The weather was outstanding, the days hot and sunny, and the nights warm and breezy. There is a great deal of phosphorus in the Arabian sea, and at night we would watch the dolphins which were leading the ship. It was a favorite pastime for off duty crew members. There would often be as many as eight of these large and beautiful fish crisscrossing our bow, and the phosphorus lit them up in green streaks. Truly a beautiful sight, the Arabian Sea is without a doubt one of the world's most beautiful seas.
The down side of the Arabian Sea was that we had the usual submarine threat to deal with and an additional threat from the Japanese who had armed merchant cruisers operating in the area. Karachi was a main supply port for all war materials for the Burma Front. In fact that's why our mules were destined to arrive. I have forgotten how long it took us to get from Aden to Karachi, probably not more than five or six days. We arrived safely and pulled along side a dock that was open to two large corrals.
What a sight to see, the horse soldiers were met by others already stationed there and soon established a large corral just off the dock side. Gangways were again rigged and first the mules on deck were walked to the gangways. They needed no encouragement at all, down they went into the corral.
At about six a.m., trucks arrived with long planks similar to what we saw in Port Said when we took on coal. These were placed against the ships side, only this time they were steeper as the ship road higher in the water after the mules were gone. Similar planks were set up leading down into the holds. Then more trucks arrived carrying about two hundred young girls with a few older boys. What took place next was outrageous and most of us were horrified.
Overseers with whistles and whips organized these children into two groups, boys to fill and lift baskets onto the heads of the girls and girls to carry the baskets up the planks to our main deck, then down the planks to the shore side. As you can imagine the flimsy baskets were soon leaking their contents onto the heads, faces, shoulders of these poor kids and anyone showing signs of slowing down caught a taste of the whip. It wasn't long before these children were soaked in filth and were all crying. That was my introduction to the mysterious east.
That evening most of us went ashore to look around and we needed distraction. We explored the bazaars and bought strange fruit and food, and mixed with people all of whom seemed to be wearing bed sheets with a smattering of turbans. All of the women we saw wore saris and we noted the beautiful bearing of most of them. We also noticed a high proportion of crippled people and beggars. Before we returned to the ship we knew the word baksheesh (give me some money) and would hear it often for the next year or so.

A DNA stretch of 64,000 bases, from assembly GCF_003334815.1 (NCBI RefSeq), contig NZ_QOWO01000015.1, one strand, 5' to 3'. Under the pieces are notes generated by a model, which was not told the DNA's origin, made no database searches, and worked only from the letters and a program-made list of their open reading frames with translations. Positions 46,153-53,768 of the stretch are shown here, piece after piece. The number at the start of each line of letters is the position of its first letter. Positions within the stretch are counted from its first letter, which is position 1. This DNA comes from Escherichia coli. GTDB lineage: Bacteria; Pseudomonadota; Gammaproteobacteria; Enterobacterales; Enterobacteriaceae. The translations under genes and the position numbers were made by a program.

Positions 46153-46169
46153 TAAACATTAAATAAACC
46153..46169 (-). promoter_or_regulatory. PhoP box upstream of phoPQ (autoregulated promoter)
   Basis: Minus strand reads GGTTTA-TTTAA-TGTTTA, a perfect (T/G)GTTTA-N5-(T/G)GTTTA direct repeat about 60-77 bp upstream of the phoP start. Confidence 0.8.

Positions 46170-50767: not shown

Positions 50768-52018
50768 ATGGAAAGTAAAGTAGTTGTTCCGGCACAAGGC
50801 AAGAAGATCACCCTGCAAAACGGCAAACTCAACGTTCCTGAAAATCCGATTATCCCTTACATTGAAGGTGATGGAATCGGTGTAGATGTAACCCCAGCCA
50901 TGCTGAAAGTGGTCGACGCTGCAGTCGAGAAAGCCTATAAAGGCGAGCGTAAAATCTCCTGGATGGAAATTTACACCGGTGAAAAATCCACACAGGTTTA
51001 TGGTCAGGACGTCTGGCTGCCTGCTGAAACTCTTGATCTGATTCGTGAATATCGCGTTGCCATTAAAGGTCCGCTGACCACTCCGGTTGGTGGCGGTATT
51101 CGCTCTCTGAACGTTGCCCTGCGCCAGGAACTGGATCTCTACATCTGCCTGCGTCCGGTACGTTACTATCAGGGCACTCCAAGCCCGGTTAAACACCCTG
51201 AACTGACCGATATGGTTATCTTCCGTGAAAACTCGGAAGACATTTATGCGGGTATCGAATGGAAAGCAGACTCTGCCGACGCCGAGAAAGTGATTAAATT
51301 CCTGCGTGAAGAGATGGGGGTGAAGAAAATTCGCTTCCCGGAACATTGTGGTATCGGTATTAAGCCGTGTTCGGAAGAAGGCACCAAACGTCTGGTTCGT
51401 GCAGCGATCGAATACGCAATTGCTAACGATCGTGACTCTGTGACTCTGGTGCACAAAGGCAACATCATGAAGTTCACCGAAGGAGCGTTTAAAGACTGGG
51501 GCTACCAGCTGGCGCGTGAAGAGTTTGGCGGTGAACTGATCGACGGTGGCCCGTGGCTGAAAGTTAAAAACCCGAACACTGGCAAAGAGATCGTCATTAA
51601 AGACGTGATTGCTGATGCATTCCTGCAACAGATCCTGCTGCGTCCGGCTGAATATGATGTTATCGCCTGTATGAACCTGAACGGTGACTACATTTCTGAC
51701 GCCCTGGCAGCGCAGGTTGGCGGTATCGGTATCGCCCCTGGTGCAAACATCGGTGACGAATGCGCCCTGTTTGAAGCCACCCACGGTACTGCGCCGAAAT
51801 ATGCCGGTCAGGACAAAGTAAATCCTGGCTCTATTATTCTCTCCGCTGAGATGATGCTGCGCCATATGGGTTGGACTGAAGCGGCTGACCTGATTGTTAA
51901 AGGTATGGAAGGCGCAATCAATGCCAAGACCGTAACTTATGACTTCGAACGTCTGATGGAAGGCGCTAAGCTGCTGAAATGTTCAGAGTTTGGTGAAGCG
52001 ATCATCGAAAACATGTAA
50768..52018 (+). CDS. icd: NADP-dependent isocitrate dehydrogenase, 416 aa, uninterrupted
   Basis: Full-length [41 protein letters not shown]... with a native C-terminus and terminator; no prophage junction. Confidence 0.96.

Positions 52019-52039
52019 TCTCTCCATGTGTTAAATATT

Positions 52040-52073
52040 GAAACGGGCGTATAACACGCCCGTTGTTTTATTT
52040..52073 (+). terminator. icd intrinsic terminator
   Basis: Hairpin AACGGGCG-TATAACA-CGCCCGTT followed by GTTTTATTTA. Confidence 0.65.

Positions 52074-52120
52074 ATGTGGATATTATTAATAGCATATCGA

Once the ship was clean again we were ordered to proceed to Bombay prior to returning to Virginia for another load of mules. Bombay was about 500 miles south, several days down the Arabian Sea. We knew that the weather would be good and we expected a quiet safe trip.
I neglected to tell you about one of the good things about having the American soldiers aboard. They had food and other goodies which they most generously shared with all of us. When they went ashore in Karachi their unused stores were left on board for the use of the next contingent. We all knew of this and paid many visits to the hold where their goods were kept, gaining entrance by sliding down a ventilator into the hold. This was all done late at night and soon we took our turn with other crew members and shared the loot. We stole O'Henry bars and gum by the case, canned fruits etc. etc. and generally lived like kings for almost a week until the bubble burst.
Somehow the Old Man got wind of it, and started to search the crew's quarters. We heard of the search and started to pitch cases of goodies through the port holes in our mess deck. We tore up cartons and pitched them through as fast as we could. Meanwhile the seamen and stokers not on watch did the same until the Old Man arrived with the First Mate and the Chief Steward. He caught the seamen and stokers red handed then started on our quarters. We came up smelling like a rose, although he did find a couple of O'Henry bars. We tried to persuade him that the candy was a legitimate purchase from the soldiers but he didn't believe out story. After the skipper left we went on deck and looking astern, as far as the eye could see, were cardboard boxes and cans of fruit. The word soon came back that when we reached Bombay, he was going to turn us all over to the authorities and charge us with broaching cargo, a very serious offense.
This page is maintained by Maureen Venzi and it is part of the Allied Merchant Navy of WWII website.